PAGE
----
Despite its unusual nature, the Biosphere II project has been able to attract a stellar array of scientists.
Botanist Ghillean Prance of the New York Botanical Garden, for example, is designing the tropical rain forest section of Biosphere II. Marine biologist Walter Adey of the Smithsonian Institution is developing the ocean and marsh regions.
Entomologist Scott Miller of the Bishop Museum in Hawaii will be selecting insects for the project. And Peter Warshall of the office of arid land systems at the University of Arizona is designing the savanna area and selecting vertebrates for Biosphere II.
Melding the work of these and other scientists will be the job of Hodges and the Environmental Research Laboratory, which also designed the EPCOT Center's Land Pavilion at Walt Disney World in Florida. That 6.5-acre exhibit routes visitors through displays representing agricultural regions around the world. The lab also has extensive experience in developing aquaculture and agricultural projects in arid regions of the United States, Mexico and the Middle East.
The Biospherians' quarters will include individual apartments, laboratories, a library and computer, communications and office facilities. It will also contain a small amphitheater for meetings and recreational activities.
The Biospherians will have telephones, radios, televisions and computers. And they will be able to electronically receive newspapers and mail. Television programs and the latest movies will be piped in.
Hodges estimated that each Biospherian will spend about four hours per day on maintenance, with perhaps half that occupied in the agriculture section. The rest of the workday is to be devoted to various scientific experiments. Each person is to be able to work on a wide variety of projects and be ready to cope with potential problems.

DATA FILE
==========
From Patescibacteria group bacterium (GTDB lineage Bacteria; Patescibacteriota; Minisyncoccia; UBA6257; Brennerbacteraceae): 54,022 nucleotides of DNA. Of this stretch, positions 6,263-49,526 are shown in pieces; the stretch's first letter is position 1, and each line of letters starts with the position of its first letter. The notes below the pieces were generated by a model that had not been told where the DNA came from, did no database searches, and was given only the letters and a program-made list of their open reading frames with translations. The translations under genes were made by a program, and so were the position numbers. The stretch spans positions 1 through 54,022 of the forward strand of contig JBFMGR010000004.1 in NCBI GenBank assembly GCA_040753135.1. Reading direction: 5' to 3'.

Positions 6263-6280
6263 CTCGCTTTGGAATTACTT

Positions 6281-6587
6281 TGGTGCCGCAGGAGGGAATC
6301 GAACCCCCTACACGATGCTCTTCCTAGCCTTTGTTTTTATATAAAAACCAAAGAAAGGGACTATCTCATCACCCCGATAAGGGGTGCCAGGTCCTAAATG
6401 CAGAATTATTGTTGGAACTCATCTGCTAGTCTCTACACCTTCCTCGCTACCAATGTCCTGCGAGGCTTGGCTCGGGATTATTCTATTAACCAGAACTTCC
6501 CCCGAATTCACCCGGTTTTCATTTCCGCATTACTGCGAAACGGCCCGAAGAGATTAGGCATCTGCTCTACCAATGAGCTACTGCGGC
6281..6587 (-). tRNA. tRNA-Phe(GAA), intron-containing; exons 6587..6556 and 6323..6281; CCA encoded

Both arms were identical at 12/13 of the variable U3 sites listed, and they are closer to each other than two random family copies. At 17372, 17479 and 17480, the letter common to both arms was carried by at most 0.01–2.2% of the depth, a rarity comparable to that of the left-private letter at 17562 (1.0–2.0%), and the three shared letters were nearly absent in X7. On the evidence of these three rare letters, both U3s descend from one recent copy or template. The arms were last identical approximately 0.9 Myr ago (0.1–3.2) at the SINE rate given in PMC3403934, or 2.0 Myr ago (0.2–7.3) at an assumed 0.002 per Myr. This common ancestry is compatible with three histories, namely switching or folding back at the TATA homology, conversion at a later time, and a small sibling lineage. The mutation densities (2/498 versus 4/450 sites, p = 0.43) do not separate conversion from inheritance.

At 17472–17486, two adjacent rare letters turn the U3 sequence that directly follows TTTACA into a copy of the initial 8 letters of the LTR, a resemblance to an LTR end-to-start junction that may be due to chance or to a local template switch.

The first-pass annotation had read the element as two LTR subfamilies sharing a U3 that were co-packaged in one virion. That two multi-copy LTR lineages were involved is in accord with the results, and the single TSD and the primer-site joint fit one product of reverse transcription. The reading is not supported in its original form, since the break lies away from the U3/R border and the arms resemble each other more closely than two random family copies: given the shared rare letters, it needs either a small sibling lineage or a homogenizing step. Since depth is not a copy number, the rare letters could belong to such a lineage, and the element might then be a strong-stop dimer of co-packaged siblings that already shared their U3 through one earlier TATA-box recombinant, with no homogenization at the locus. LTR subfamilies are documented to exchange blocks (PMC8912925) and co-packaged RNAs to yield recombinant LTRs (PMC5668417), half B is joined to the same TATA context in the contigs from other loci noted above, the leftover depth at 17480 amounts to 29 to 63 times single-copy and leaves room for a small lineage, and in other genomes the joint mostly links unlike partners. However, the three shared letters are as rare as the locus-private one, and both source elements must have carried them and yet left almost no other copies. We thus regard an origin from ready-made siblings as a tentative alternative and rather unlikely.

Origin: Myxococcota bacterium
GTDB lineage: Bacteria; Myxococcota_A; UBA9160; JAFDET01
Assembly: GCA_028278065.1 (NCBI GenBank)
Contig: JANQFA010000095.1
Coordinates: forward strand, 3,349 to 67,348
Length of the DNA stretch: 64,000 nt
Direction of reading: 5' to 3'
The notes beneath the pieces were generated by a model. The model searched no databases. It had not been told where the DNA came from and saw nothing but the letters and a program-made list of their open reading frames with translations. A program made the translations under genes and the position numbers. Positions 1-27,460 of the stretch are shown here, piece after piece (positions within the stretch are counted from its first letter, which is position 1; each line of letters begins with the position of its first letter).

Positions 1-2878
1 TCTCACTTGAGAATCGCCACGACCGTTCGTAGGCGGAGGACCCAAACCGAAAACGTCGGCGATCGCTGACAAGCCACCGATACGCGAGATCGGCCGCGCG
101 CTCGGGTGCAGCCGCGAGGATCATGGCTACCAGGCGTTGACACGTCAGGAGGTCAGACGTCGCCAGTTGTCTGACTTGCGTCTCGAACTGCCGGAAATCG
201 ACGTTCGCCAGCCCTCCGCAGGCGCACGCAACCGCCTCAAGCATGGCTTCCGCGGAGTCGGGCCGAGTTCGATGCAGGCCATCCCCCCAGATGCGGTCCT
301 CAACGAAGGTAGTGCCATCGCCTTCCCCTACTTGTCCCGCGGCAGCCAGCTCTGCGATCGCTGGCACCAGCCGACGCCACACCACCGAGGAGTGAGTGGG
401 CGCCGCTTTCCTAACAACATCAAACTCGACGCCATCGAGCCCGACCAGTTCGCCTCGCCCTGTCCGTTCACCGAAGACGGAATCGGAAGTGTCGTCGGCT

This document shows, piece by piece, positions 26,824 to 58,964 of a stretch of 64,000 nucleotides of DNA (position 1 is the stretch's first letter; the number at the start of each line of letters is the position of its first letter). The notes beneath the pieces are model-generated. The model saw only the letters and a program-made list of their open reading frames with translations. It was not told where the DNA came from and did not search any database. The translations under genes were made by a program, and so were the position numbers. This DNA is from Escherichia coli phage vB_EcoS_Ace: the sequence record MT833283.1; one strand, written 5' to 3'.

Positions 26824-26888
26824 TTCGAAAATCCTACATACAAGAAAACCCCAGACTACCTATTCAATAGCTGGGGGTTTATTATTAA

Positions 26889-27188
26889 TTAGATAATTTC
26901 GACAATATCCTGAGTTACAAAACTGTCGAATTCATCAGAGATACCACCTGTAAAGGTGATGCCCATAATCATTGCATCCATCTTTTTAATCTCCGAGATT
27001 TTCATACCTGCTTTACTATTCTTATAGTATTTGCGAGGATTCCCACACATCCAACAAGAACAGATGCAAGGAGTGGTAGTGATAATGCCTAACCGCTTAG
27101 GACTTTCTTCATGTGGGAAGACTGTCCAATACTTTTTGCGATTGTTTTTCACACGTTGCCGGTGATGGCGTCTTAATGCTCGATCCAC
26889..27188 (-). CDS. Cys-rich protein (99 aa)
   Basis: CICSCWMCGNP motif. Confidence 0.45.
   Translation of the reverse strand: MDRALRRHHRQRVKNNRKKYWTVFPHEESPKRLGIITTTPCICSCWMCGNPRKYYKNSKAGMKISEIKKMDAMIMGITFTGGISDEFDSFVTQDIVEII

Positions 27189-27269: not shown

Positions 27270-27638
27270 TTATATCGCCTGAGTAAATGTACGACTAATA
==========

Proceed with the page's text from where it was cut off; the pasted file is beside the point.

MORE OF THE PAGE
"The challenge," Hodges said, "is to design it so that we don't work everybody to death."
Both the National Aeronautic and Space Administration and the Soviet Union are attempting to design closed environments for space flight, but their projects are much more limited in scope.
The Soviets have not released much information about their Bios project, which is conducted at a research institute in Krasnoyarsk, Siberia. But, according to astronomer Carl Sagan of Cornell University, who has consulted with Soviet scientists on the topic, it is smaller and less ambitious than Biosphere II.
NASA's Closed Ecological Life Support Systems project is still less advanced, according to project director James H. Bredt. Because of limitations of space and weight in a prolonged manned mission, he said, NASA is trying to develop mechanical systems for purifying air and water, rather than the biological methods employed by Biosphere II.
For the same reasons, he added, food for each astronaut would have to be grown in an area of about 45 square feet. Thus, each astronaut would have only two or three plants to supply virtually all of his food--"typically a carbohydrate producer like potatoes and an oil producer like soybeans."